Olive oil comes way down the list, which means that the finished product most likely contains less than 1% olive oil. The main ingredient is water and the rest consists of mainly synthetic surfactants, emulsifiers and ingredients to change the pH and viscosity, amongst others.

The branding for this product is of course very clever because most people (a) don’t read the label and (b) even if they did, they wouldn’t understand it, so they go on colour and brand and most likely buy this product thinking it is very natural and filled with olives.

Origins – A Perfect World BB SPF 15

Origins A Perfect World BB CreamOrigins, owned by Estee Lauder, is another brand that positions itself as natural and botanical. It’s strapline is ‘Powered by nature. Proven by science.‘ This tinted moisturiser is described on their website as ‘Nature’s BB Cream’ which suggests that it consists of natural ingredients.

Looking at the branding and packaging, you’d also be encouraged to think that is fully naturally derived. White and green packaging, together with all green lettering and logo suggests purity, simplicity, health, cleanliness and freshness.

Let’s have a look at the ingredients. Again, I’ve highlighted in red where they are synthetic (and I’ve been pretty kind in leaving some of them black when actually most sorbic acid and potassium sorbate, for instance, is produced synthetically).

Active: Avobenzone (2%), Octinoxate (7.5%), Octisalate (5%) Other: Water, Dimethicone, Caprylic/Capric/Myristic Stearic Triglyceride, Butylene Glycol, Cyclopentasiloxane, Steareth-2, Cetyl Ricinoleate, DI-C-12-15 Alkyl Fumarate, Polysilicone-11, Pentylene Glycol, Steareth-21, Coffea Arabica (Coffee) Seed Extract, Triticum Vulgare (Wheat) Germ Extract, Laminaria Ochroleuca Extract, Hordeum Vulgare (Barley) Extract/Extrait D’Orge, Camellia Sinensis (White Tea) Leaf Extract, Polyethylene, Hydrogenated Lecithin, Stearyl Alcohol, Polyaminopropyl Biguanide, Linoleic Acid, Cholesterol, Dimethicone Copolyol, Squalane, Caffeine, Sodium PCA, Urea, Caprylic/Capric Triglyceride, Hexylene Glycol, Sodium Hyaluronate, Pantethine, Polyquaternium-51, Sodium Hydroxide, Trehalose, Oryzanol, Ascorbyl Tocopheryl maleate, Tromethamine, Glycerin, PEG-9, Dimethicone, Behenyl Alcohol, PVP/Hexadecene Copolymer, Carbomer, Caprylyl Glycol, Fragrance, Disodium EDTA, Linalool, Limonene, Citral, Sorbic Acid, Phenoxyethanol, Potassium Sorbate, Chlorphenesin, Titanium Dioxide, Iron Oxides, Bismuth Oxychloride, Ferric Ammonium Ferrocyanide, Mica, Red 7

Again, it would be hard to justify this product as 100% natural, yet this is branded successfully as ‘Nature’s BB Cream’ and the colours used in the packaging would certainly lead you to think it’s packed full of natural ingredients.

Please note – This blog post isn’t about bashing brands over the head for choosing to use synthetic ingredients, it’s more to show how clever their branding is by making us think that their products are 100% natural… when in fact, I think it’s safe to say that they aren’t.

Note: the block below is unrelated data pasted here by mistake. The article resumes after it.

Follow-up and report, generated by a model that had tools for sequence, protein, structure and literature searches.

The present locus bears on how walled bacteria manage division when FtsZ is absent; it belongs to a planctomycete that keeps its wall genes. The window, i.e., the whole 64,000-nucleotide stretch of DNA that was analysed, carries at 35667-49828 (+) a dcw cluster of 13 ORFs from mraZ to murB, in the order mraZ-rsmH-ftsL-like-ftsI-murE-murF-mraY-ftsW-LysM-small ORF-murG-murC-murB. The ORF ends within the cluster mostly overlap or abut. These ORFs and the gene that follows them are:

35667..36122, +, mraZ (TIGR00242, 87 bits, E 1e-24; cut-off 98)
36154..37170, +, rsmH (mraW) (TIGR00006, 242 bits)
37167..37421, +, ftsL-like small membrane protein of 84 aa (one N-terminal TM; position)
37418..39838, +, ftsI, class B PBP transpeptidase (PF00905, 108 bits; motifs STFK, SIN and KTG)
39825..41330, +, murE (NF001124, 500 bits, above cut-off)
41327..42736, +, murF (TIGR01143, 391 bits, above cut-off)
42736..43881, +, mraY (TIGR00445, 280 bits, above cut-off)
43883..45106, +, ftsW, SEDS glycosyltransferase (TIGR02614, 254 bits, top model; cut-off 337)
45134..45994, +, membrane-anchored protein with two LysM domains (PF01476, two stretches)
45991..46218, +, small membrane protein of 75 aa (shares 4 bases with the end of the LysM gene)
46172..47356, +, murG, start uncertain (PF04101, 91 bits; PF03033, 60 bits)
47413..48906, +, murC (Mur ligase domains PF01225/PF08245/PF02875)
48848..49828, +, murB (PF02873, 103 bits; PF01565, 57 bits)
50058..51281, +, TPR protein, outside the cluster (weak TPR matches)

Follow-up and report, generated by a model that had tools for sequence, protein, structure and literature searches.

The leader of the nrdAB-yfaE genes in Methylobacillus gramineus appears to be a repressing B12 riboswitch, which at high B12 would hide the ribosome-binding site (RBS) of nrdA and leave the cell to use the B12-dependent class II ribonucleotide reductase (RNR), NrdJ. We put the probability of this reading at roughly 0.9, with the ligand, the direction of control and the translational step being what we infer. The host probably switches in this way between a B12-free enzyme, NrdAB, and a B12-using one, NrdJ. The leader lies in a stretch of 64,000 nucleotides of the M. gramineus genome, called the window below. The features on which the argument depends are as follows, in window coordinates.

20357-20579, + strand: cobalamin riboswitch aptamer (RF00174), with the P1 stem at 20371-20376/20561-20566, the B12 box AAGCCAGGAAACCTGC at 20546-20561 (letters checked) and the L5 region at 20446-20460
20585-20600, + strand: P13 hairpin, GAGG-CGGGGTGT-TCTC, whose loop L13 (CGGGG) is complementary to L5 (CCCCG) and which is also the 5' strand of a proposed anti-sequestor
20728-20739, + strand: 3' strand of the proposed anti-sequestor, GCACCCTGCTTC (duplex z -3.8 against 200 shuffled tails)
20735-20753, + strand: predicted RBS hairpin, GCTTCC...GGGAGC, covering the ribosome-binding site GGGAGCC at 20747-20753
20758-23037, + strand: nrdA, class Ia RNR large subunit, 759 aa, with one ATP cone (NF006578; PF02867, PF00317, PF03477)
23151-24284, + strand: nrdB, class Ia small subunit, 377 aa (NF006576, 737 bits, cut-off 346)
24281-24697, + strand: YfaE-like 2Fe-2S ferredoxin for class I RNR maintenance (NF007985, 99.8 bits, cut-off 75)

How To Make Your Brand Stand Out

Different companies use branding in different ways. Some skincare brands have become enormous and try to be everything to everyone so they use every colour under the sun in their branding and packaging (The Body Shop is a great example of this). Other brands are very consistent and use the same colours on every single one of their products.

If you want your natural skincare brand to stand out, here are my top tips:

  • Discover your brand’s personality. It’s the feeling, mood, and image that your brand creates that plays a role in persuading people to buy from you. Colours only come into play when they can be used to match a brand’s desired personality. Don’t worry if you are desperate to make labels that are all orange and brown. If they match your brand’s personality, then that’s what’s most important. 
  • Embrace your brand. The businesses that embrace their brand fully are the ones that people remember. This doesn’t mean that you need to follow what everyone else is doing and go with only white, green and blue and it also doesn’t mean that you need to use the same colour on every piece of packaging. You just need to be clear on your overall message, you need to know who you are marketing to and you need to know how you’re going to show the world your brand consistently.
  • Discover your skincare niche. ‘Natural’ and ‘organic’ are not niches anymore. Drill down to a niche that fits your products and your brand ethos. Then pinpoint your target audience and think about the feeling you need to create for them to buy your products.
  • Don’t worry about bucking the trend. Look at T-Mobile and their pink logo. Can you think of many other pink logos in the mobile phone industry? This doesn’t matter though because they stand out like a sore thumb and sometimes, that might be just what you need.


Have a skincare business and want support in getting clearer on your branding and marketing? Lorraine offers a coaching programme for skincare entrepreneurs – be sure to check out The Potion for Success.